The London property market has proven both structurally adaptable and eminently resilient in the face of significant headwinds, including the Covid-19 pandemic and an economic recession. Key to this adaptability has been the rapid adoption and deployment of hugely effective governmental policy instruments, which have bolstered demand and supported growth. The Stamp Duty Land Tax (SDLT) holiday, Help-to-Buy, and furlough schemes are pivotal initiatives, which continue to support both buyers and tenants, as well as providing assurance to long-term investors. Suppliers have been able to expand development efforts, which are crucial in addressing the undersupply of housing.
Liquidity has similarly been a key feature of the resilience that London real estate is exhibiting. At the macro level, credit markets remain at historically low-interest rate levels. Banks are maintaining high capital adequacy ratios and offering competitive products to both buyers and investors. Mortgage approvals reached record high levels since the global financial crisis as the level of potential equity release in London reached £114bn (£148,909 per household). This has propelled buy-to-let markets as savvy landlords reinvest this realised capital appreciation into high specification housing which delivers on the evolving needs of consumers. Further, a fall in sterling, low mortgage rates and London’s strong property market have precipitated significant overseas investor demand.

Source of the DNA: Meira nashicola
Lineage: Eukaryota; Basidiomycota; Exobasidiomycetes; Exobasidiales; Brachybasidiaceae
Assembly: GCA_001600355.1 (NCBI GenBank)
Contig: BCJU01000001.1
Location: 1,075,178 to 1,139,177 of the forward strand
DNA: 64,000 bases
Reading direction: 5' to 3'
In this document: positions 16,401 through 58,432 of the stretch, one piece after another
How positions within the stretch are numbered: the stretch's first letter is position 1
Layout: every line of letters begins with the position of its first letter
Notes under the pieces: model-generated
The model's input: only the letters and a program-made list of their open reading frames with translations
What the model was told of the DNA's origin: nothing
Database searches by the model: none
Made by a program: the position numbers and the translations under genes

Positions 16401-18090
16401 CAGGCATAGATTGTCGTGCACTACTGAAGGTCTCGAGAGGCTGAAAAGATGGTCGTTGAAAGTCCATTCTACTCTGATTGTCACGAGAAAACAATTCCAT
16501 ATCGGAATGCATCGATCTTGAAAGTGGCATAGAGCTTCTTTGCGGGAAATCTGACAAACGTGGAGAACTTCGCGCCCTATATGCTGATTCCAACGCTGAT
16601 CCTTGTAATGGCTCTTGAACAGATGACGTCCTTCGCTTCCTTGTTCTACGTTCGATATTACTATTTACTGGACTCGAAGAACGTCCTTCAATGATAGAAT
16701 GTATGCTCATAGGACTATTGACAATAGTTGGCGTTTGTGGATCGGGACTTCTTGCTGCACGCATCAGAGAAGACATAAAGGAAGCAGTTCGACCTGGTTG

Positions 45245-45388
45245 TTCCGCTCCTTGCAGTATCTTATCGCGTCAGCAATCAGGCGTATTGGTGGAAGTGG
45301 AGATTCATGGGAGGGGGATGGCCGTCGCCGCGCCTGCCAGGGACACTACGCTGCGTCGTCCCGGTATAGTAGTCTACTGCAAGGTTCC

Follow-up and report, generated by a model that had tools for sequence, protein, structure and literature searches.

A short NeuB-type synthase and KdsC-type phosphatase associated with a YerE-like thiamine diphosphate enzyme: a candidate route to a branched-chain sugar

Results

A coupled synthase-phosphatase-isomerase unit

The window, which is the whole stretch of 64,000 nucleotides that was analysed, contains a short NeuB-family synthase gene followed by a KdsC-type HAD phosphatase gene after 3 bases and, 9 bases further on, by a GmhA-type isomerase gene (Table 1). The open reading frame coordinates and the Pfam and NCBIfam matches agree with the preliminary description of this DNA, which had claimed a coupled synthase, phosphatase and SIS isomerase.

Safe haven credentials, world-class infrastructure, and clout as a global financial capital will all continue to contribute to London’s allure as an investment hub. Investors have been buoyed by high demand, a shortfall in supply, strong yields and attractive prices. London remains at the forefront, with developers seeking to contribute long-term assets, which appeal to structural (demographics and urbanisation) rather than cyclical factors. Build-To-Rent housing is an excellent case in point, designed from the outset to cater to prevalent trends such as remote working, necessitating home office space, or increased family care, requiring green and outdoor space.
Forecasts such as that of Savills, who expect rental values to grow in Prime London by 1 per cent in 2021 and 4.5 per cent in 2022, attest to the impact of key infrastructure investments such as Crossrail in delivering this growth. Knight Frank anticipates cumulative house price growth of 17 per cent from 2020 to 2024 in Prime Central London, set against a backdrop of 14 per cent growth across the UK, a testament to London real estate’s robust momentum.
We’re likely to see rental values rise over the next two years, depending how quickly we return to some version of normality. Across prime London, we expect that rental values will grow by 1 per cent in 2021 and 4.5 per cent in 2022: Savills.